She’s been an icon of the LGBTQ community going all the way back to her earliest danceable pop hits.
So it was fitting that Madonna would headline the second and final night of WorldPride on Sunday in New York City.
The 60-year-old singer and songwriter put on a short set that featured multiple lives debuts from her newest album, Madame X, while also including one of her classic tunes.
Madonna, ever a fan of ambitious style, was dressed in a black romper that gained a militaristic sheen thanks to metal epaulets multiple rainbow-colored belts.
The 5ft5in pop icon highlighted her hourglass figure thanks to a small black corset around her midriff.
Her toned legs where covered in a pair of fishnet stockings, and she wore a set of black heels.
The edgy dark style was accentuated thanks to a pair of fingerless black gloves that went all the way up to her upper arms.
The Like A Prayer singer had her golden locks curled, and she channeled the late David Bowie with an eye patch, mimicking a look he used during his Ziggy Stardust fame in the early 1970s.
She jazzed up the black patch with a rainbow colored ‘X’, both promoting her new album and referring to the nickname ‘Madame X,’ which was given to her by the legendary American dancer and choreographer Martha Graham.
Before she broke out her new material, Madonna opened the performance with a rendition of Vogue, from her 1990 soundtrack album I’m Breathless.
The track was inspired by House Balls in Harlem, catwalk-like celebrations in which gay and transgender individuals walk and dance in competition, often while in drag.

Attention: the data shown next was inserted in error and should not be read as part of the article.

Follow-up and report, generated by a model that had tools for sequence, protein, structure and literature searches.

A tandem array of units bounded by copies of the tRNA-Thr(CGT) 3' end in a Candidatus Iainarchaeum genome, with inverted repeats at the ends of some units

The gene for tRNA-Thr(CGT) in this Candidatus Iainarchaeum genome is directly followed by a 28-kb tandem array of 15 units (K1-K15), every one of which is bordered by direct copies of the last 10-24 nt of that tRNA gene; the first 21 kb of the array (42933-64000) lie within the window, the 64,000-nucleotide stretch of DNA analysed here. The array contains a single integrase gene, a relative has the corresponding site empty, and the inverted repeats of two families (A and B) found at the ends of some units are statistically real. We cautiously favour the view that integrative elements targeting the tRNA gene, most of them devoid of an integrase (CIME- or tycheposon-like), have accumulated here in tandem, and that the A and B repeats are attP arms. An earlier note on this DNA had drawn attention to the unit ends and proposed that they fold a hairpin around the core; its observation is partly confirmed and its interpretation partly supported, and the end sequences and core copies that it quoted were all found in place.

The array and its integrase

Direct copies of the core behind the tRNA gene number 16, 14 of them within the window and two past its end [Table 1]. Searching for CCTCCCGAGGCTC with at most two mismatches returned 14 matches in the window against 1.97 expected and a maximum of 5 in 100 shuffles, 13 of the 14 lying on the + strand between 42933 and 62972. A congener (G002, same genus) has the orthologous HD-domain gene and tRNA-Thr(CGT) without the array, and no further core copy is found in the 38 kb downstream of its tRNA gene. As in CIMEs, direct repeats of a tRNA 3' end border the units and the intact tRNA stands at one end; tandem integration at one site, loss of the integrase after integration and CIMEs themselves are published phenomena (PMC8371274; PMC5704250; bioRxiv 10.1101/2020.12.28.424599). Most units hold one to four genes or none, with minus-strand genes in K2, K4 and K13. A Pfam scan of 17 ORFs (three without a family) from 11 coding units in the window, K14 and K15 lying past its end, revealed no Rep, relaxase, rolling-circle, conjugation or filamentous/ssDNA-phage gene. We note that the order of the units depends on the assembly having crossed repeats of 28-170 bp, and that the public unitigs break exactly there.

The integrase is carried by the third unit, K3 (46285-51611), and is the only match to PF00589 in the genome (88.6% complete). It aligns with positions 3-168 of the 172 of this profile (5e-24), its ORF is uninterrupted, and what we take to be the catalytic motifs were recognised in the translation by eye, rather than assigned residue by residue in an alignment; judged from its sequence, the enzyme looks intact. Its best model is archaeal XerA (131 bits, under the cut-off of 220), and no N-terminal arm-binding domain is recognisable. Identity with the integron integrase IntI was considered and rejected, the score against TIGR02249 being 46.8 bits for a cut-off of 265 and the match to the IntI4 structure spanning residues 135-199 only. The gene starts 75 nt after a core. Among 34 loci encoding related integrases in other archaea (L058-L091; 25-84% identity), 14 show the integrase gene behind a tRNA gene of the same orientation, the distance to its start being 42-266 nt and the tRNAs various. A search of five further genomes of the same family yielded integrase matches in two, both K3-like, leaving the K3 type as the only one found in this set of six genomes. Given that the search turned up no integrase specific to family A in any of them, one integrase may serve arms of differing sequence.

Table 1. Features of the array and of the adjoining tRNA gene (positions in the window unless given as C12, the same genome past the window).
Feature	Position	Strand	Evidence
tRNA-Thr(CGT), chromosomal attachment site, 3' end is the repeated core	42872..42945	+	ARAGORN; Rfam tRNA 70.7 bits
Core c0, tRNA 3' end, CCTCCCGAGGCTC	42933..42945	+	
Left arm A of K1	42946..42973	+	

The song, ranked as her best by Slant in 2018, was a fitting way to open the festivities at Pride Island.
The Material Girl singer was flanked by an array of dancers, also clad in black and mimicking her own martial style.
The back drop included a white set of stairs which the dancers performed on, as well as a video screen that helped broadcast her political messages.
Though Madonna led the party atmosphere on Sunday, the celebration came shortly after she was lambasted by some gun safety advocates and survivors of the Pulse Nightclub shooting for her video for God Control.
The video, from a song off her most recent album, features a graphic mass shooting in a nightclub scenario designed to evoke the massacre, the most deadly mass shooting by a single shooter in the US at the time, until it was surpassed by a mass shooting in Las Vegas in 2017.
It remains the deadliest attack on the LGBTQ community in the United States.
Though Madonna included a disclaimer before the start of the video, many criticized it as being inadequate to convey the video’s violence.
Emma Gonzalez, a gun safety activist and a survivor of the Stoneman Douglas High School shooting in Parkland, Florida, was unreserved in her outrage, calling the video ‘F***ed up’ and ‘horrible.’
Despite the backlash, the singer and actress is continuing with promotions for her new album.
SiriusXM announced Friday that Madonna will be getting her own limited-run channel on the service, which will both draw from her abundant hits and provide a glimpse into the creative process behind her most recent work.